The Q&A Archives: Rosmary Stems Wilting and Leaves Browning

Question: I receently purchased two rosemary plants and removed them from the plastic pots they were grown in and placed them into wide but shallow clay pots. For soil is used potting soil with some desert sand added for drainage,with a few eggshells added.

After about two days I noticed that the leaves were turning brown and the lower stems were starting to wilt. Naturally I assumed overwatering was the culprit so I stopped watering them. The plants are on a south facing windowsill which gets sun from 1pm until 4pm. From 4pm until midnight I place them under growlights make up for the short amount of daylight they are receiving.

My questions are: Could the rapid change of climate from outdoor to indoor have affected them (New York City has been very hot and humid this summer,so while they were outside they would have gotten used to that climate, but indoors I have the air conditoner on a good part if not all day). Also could you advise me on the best way to grow Rosemary indoors, I live in an apartment and therefore do not have access to a garden but just really love growing and using herbs. Are these plants dying or just readjusting to the change in "climate".

Answer: It is possible there are several factors at work, one of which being that rosemary is not always an easy plant to grow indoors. Other factors would probably include transplant shock, especially when combined with the change in environments. You may have replanted them too deeply (they should be at the same level they grew before.) You might be over or underwatering, and/or there may be a distinct difference between the potting soil the plant came in and the one you used. This can mean that the original soil may be wetter (or drier) than the surrounding soil.

This plant needs good drainage but it also should not be allowed to dry out. The soil should be slightly moist but never soggy. It also prefers an alkaline soil. Rosemary seems to enjoy a certain amount of humidity, so your air conditioned apartment may be too dry. A pebble tray or a grouping of plants may help with that. Oddly enough it is also possible that the plant is suffering from mildew, or quite possibly from mites. Both of these problems occasionally become apparent when they are moved indoors and conditions are less than ideal; the mites thrive in dry air.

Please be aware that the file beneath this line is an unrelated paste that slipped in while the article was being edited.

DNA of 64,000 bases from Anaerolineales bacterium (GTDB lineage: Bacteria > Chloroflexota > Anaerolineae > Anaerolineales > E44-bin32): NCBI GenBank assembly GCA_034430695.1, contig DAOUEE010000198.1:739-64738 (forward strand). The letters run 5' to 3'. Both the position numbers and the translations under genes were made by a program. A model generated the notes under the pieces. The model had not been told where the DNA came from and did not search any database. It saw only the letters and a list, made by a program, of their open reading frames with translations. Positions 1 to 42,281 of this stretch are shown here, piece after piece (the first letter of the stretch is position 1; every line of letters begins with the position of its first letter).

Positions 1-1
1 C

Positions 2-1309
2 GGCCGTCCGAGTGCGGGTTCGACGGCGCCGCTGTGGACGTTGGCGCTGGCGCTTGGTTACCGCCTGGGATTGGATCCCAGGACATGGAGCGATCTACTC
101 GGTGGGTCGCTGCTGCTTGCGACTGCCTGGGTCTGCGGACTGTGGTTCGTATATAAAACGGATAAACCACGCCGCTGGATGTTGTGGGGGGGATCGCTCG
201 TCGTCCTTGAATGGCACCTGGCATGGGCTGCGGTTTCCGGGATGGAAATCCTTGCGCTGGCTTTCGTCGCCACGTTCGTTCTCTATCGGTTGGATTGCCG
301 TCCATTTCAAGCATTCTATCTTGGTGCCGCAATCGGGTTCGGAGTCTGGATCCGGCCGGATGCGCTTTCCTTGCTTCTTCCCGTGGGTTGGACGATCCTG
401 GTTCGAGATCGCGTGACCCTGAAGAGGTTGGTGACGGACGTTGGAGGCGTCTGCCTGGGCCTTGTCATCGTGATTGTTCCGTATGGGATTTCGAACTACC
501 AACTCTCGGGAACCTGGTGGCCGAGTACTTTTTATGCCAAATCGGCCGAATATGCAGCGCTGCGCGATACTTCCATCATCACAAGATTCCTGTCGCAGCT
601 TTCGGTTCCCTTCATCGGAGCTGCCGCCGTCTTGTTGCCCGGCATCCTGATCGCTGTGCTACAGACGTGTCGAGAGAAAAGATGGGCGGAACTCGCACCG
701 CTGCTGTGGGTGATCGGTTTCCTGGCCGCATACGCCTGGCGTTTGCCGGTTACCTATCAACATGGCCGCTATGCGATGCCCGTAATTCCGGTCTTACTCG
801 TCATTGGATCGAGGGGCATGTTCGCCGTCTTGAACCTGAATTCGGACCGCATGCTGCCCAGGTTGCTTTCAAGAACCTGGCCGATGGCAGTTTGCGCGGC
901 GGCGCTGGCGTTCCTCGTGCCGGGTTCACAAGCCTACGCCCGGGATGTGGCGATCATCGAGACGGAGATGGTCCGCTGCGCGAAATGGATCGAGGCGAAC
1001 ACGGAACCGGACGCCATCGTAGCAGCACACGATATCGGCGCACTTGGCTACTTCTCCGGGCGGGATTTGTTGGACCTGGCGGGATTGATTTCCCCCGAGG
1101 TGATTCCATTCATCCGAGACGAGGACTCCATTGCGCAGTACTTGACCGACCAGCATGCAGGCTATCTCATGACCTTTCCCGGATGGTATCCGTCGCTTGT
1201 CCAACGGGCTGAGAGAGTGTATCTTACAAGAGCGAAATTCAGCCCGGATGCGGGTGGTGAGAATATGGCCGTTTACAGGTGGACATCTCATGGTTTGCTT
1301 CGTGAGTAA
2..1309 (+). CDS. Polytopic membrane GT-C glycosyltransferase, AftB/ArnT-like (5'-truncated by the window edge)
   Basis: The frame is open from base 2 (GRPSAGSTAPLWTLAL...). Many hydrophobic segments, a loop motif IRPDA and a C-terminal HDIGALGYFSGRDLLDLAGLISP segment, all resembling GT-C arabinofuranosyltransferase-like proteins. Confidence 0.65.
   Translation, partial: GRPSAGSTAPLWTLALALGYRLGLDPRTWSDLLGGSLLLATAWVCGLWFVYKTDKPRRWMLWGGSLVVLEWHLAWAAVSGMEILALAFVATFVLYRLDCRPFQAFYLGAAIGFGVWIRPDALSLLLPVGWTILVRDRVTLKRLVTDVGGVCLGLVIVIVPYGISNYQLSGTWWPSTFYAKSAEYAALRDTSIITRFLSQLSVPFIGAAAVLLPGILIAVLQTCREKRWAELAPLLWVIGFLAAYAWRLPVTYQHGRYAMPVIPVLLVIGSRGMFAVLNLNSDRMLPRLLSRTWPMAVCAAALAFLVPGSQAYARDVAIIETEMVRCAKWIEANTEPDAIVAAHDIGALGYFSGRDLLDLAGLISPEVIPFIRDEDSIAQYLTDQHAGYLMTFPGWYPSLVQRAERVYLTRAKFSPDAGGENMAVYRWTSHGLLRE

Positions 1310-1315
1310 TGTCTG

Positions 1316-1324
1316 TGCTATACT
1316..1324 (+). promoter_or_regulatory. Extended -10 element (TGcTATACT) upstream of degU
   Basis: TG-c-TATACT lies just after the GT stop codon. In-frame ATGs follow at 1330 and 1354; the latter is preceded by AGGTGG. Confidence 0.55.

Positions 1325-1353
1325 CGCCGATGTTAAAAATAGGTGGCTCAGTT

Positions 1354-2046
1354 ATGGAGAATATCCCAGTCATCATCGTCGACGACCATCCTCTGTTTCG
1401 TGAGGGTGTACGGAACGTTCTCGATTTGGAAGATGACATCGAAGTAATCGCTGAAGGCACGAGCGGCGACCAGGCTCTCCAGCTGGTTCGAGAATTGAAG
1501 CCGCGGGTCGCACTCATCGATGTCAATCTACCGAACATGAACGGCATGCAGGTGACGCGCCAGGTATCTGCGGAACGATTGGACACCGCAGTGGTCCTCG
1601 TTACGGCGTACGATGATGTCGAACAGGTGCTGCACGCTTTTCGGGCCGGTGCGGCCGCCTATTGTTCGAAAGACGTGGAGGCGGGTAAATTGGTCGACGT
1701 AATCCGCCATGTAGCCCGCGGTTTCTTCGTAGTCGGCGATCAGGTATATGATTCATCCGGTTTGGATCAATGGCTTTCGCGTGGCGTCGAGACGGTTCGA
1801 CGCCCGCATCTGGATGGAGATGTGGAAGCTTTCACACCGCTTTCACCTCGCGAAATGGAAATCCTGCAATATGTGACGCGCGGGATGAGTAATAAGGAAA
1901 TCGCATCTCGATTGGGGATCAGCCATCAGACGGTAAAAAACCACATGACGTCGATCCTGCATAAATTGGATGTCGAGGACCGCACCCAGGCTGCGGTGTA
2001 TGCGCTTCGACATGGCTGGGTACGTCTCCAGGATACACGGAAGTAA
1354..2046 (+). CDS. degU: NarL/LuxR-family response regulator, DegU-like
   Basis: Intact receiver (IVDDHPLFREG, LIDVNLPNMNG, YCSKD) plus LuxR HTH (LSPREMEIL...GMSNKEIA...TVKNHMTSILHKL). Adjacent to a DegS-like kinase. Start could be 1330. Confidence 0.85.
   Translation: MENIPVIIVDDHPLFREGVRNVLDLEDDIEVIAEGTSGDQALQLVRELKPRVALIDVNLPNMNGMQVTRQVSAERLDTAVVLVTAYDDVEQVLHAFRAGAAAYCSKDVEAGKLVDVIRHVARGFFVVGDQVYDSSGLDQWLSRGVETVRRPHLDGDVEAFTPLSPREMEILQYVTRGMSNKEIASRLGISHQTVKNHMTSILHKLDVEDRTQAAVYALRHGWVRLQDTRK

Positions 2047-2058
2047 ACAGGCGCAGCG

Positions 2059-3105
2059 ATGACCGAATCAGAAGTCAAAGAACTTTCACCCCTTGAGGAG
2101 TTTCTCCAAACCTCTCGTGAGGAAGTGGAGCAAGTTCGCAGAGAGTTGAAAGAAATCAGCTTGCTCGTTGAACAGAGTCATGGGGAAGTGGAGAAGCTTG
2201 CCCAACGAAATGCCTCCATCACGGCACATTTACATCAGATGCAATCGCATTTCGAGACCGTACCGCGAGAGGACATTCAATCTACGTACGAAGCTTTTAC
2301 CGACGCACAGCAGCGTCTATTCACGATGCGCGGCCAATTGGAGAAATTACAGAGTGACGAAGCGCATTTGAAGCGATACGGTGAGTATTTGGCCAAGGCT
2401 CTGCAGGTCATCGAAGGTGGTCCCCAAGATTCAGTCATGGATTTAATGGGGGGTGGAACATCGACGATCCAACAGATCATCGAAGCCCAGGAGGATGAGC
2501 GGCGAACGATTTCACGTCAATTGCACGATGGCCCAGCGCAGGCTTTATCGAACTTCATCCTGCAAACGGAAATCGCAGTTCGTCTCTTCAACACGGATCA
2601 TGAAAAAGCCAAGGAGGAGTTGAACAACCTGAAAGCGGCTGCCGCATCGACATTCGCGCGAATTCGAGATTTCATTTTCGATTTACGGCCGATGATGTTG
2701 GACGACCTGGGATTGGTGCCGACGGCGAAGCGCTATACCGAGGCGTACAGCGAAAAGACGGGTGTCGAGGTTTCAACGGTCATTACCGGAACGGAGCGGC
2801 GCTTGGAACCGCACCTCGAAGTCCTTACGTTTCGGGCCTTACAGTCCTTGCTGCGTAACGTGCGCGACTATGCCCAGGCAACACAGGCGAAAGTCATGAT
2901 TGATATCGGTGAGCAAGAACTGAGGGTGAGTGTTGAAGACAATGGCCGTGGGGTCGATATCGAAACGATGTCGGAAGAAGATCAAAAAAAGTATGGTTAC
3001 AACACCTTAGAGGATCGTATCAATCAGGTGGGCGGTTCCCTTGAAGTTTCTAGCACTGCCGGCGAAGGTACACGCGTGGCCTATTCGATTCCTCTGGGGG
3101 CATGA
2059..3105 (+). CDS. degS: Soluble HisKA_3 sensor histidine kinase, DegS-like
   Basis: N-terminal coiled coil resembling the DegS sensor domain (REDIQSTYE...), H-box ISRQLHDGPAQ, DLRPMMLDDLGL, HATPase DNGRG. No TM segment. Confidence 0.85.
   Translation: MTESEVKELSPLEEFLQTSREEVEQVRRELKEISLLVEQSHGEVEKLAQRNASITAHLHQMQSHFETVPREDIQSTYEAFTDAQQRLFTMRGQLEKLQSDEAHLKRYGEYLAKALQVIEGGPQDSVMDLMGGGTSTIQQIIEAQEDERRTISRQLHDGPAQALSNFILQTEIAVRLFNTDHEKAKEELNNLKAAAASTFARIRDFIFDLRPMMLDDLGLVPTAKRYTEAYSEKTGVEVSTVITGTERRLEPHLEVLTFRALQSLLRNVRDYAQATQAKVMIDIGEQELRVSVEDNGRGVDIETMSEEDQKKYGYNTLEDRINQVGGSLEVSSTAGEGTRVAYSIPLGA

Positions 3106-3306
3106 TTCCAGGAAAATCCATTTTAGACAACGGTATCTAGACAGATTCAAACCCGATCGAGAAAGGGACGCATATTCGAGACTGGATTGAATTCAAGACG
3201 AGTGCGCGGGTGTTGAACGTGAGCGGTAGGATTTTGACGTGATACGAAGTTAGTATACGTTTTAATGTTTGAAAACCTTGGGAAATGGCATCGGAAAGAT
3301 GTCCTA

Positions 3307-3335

Although this plant does well in full sun it also does fine in partial shade; I think it might be sufficient if it receives sun all afternoon since this is the part of the day when the sun is strongest. Most plants will adjust to the light they receive within a certain range of acceptable levels. When light is on the low side, the plant will grow more slowly and perhaps require less water and less frequent fertilizing. To supplement the light you might try reflecting it with light colored walls rather than moving the plant.

To be honest I'm not sure if your plants are dying or simply going through a rather difficult adjustment. You may have to use this as a learning experience and start again. If so, you might try just one or two plants to see how they do and then add more when you have figured out the care routine that works best in your apartment microclimate.

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